Diablo II: Resurrected Review – Pile Of Old Bones

It’s impossible to talk about action role-playing games without mentioning Diablo II. The original release of Blizzard’s sequel in 2000 was an inflection point for the nascent genre, defining the direction all games after it would take. It’s one of those games whose DNA you can still trace in modern ARPGs such as Path of Exile, Lords of Wolcen, and the eventual Diablo III. But it’s also a game that has been drastically improved upon in the two decades since its release, which makes its 2021 remaster a confusing re-release that does very little to address how the genre has evolved since, making it challenging to recommend over modern contemporaries outside of reasons of nostalgia or short-lived curiosity.

Like all of the games it would eventually inspire, Diablo II is a dungeon-crawler, albeit stripped down to the genre’s fundamental basics. You progress through the campaign over a series of acts, each contained within their own map. These maps have distinct areas and enemy-ridden dungeons you’ll need to explore, eliminating scores of enemies that drop all sorts of color-coded loot that help you get more powerful as you go. The more you progress, the stronger you become, allowing you to deal the damage required to take down incredibly dangerous bosses that provide a challenging climax to each act. The campaign is also not the end of your journey, with additional difficulties incentivizing you to restart and continue crunching enemy skulls for more powerful loot, and so on.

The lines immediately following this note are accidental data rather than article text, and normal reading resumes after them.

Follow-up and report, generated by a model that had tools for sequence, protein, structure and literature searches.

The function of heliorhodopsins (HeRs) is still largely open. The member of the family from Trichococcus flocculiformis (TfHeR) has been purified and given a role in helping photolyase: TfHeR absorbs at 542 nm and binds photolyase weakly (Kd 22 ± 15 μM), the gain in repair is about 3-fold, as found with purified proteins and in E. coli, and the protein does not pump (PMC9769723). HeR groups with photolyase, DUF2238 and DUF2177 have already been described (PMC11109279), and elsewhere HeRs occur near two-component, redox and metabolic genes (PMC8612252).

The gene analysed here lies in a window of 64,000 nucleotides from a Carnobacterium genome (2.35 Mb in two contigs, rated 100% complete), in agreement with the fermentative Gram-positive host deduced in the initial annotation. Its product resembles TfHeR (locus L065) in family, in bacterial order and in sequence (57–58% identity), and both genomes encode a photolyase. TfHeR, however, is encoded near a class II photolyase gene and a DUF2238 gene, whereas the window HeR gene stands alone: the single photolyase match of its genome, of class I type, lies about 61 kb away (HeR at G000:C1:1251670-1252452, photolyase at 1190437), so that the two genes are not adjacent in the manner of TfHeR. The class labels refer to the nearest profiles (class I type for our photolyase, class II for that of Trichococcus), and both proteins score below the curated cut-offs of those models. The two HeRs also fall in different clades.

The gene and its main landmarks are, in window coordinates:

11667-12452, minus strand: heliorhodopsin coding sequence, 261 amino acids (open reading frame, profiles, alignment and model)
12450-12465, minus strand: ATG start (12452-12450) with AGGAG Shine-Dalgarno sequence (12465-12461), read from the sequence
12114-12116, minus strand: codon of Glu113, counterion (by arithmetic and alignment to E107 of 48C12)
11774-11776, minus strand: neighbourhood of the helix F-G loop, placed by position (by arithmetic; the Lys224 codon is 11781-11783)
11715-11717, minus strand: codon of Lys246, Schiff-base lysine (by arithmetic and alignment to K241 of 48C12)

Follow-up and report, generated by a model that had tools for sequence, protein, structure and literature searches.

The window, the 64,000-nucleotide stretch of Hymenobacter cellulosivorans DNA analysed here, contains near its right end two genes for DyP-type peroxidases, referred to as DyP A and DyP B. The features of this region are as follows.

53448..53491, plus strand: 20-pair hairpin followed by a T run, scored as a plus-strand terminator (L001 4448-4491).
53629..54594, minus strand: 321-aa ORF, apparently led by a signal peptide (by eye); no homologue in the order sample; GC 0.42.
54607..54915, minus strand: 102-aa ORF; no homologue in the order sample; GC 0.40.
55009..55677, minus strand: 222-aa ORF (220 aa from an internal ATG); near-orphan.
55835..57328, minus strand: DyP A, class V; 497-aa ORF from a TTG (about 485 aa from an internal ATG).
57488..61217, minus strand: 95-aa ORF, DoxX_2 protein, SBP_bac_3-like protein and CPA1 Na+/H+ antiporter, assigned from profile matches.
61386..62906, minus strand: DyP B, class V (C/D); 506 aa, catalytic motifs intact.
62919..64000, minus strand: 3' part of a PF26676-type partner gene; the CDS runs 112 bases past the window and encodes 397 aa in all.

Where Diablo II differs strongly to its most recent entry, Diablo III, is in its role-playing. Here you’re given three separate skill trees to invest points into, each of which will go a long way in defining what type of style your chosen class will take. My Necromancer, for example, focussed on summoning the dead over dealing out curses and magical damage, which led me to invest most of my skill points in only one of the three trees. You additionally need to manage staple role-playing attributes like strength, dexterity, vitality, and more, although these don’t function as you might expect. Points in each mostly determine what gear you can equip, and not necessarily how much damage (physical, ranged, or magic) you deal. This can be initially counter-intuitive to how you imagine each point invested will play out, with established Diablo II players already knowing that the majority of these points need to go into vitality and little else if you can already equip all the items you need.

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